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Scooped and Quartered In Omaha Hi-Lo

In this article, you will learn what it means to "scoop" a pot and the disastrous effects of being "quartered" as those terms pertain to the game of Omaha Hi-Lo-8-or-Better.

Scooped and quartered are the two most important words in the Omaha Hi-Lo lexicon and it is therefore extremely important that you gain adequate understanding of them.

Begging to Get Quartered

Let's talk about being quartered first, on the premise of "gimme the bad news first."

It is necessary in Omaha 8 to be able to put people on a general hand. You need to quickly figure out, using player tendencies combined with the board texture, who is most likely to be going for the high hand and who is most likely to be going for the low hand.

Pay attention to the number of low cards on the board at all times. Average or subpar Hi-Lo players will often get stuck drawing with four-to-a-low and next to no hope of hitting the high side of the hand. These people are just begging to get quartered.

With three people in the hand, and two of them going for the same low (which commonly occurs with an A-2-x-x holding for each), they both stand to lose money--even if they hit their hands!

Only the high hand will profit in this case because he will get half the pot returned to him, while only contributing about a third. The other two will split the low half, a quarter of the pot each, but they each contributed the same third to the pot.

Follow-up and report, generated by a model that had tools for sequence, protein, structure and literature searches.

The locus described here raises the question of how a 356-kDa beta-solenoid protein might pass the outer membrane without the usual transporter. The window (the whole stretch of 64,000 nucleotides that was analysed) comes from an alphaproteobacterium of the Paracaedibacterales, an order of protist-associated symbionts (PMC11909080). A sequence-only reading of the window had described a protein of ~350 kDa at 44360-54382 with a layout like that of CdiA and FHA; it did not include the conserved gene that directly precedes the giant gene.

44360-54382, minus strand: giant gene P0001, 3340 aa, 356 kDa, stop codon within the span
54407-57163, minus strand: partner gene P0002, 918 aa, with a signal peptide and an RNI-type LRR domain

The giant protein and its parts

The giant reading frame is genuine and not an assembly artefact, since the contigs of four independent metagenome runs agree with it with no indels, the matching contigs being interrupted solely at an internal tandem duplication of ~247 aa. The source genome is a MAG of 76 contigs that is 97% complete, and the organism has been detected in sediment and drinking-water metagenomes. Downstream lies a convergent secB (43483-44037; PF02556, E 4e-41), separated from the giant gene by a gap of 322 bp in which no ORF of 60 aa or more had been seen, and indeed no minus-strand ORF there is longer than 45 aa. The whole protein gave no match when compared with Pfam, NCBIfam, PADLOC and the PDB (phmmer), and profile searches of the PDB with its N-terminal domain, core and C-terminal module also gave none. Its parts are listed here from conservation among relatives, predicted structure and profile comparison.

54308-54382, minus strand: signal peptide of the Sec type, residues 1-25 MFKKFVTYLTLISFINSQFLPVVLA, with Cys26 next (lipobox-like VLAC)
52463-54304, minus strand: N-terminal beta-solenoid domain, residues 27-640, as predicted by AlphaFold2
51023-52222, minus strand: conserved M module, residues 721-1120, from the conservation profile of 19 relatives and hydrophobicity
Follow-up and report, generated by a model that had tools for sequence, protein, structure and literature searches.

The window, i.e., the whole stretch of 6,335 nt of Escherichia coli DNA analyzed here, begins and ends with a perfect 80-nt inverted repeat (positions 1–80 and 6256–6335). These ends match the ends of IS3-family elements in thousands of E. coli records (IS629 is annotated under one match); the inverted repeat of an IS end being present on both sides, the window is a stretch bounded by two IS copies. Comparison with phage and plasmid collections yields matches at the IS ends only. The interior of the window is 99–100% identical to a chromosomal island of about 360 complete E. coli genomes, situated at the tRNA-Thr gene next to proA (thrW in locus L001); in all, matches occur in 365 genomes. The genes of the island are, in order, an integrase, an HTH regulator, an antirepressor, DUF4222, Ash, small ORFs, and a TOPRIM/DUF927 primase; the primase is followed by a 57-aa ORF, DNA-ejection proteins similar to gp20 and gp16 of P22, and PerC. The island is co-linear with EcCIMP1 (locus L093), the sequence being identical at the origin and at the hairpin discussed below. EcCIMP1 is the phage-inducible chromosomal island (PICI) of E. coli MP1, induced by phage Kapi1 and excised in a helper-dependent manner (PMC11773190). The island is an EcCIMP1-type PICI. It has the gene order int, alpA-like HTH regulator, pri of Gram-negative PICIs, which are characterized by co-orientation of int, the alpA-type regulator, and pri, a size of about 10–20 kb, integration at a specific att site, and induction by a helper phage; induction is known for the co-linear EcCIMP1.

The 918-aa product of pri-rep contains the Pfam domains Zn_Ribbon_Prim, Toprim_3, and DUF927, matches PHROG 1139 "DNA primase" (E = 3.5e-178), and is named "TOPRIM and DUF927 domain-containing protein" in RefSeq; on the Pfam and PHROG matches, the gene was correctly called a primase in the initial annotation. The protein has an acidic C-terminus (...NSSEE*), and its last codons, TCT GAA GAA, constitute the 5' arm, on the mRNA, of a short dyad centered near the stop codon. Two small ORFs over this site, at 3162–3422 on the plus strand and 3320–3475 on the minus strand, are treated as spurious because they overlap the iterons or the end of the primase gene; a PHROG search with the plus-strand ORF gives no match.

For example, if the pot is $24, and it's a three-way hand, each player contributed about $8 to the pot. The high hand gets $12, resulting in a $4 profit. However, the two "winning" low hands get only $6 a piece, resulting in a $2 loss for each of those players.

The low hands in this case have been "quartered." Avoid this mistake by always giving yourself a chance to win both the high and the low hands.

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Scoopage Is Beautiful

Now for the good news: scoopage.

A scoop occurs in Omaha 8 when one player wins the entire pot for himself. This event mostly happens when you play with good, solid starting hands.

These are hands such as Ac-2c-As-3s, where you have nut low and nut high possibilities. If you look closely at this hand, you will notice that you have two different nut flush possibilities, you have multiple nut low possibilities, and you have AA for the highest full house possibility. In other words, you are sitting pretty, pre-flop.

If the flop does your hand justice, you will have a very good chance to win the high side outright.

However, there will be much more money in the pot if there is a low possibility on the board too. With a lot of players in this hand, drawing dead to practically any cards that help you, you stand to make a very nice profit by "scooping" the entire pot.

In a case like this, everyone in the hand is subsidizing your attempts at a scoop.

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The Key: Play Good Quality Starting Hands

Playing good quality starting hands will allow you to minimize the times you are quartered and maximize the times that you scoop.

In Omaha 8, a good quality starting hand can be defined as a hand that can win both the high and low sides. Of course not every flop will accommodate your dreams of scoopage, and even the best players can get quartered.

Nevertheless, by focusing on playing starting hands that have both high nut and low nut possibilities, you can put yourself on the path towards becoming a more profitable Omaha Hi-Lo player.

In that sense, the word "both" may be more important in this game than scooped and quartered put together.

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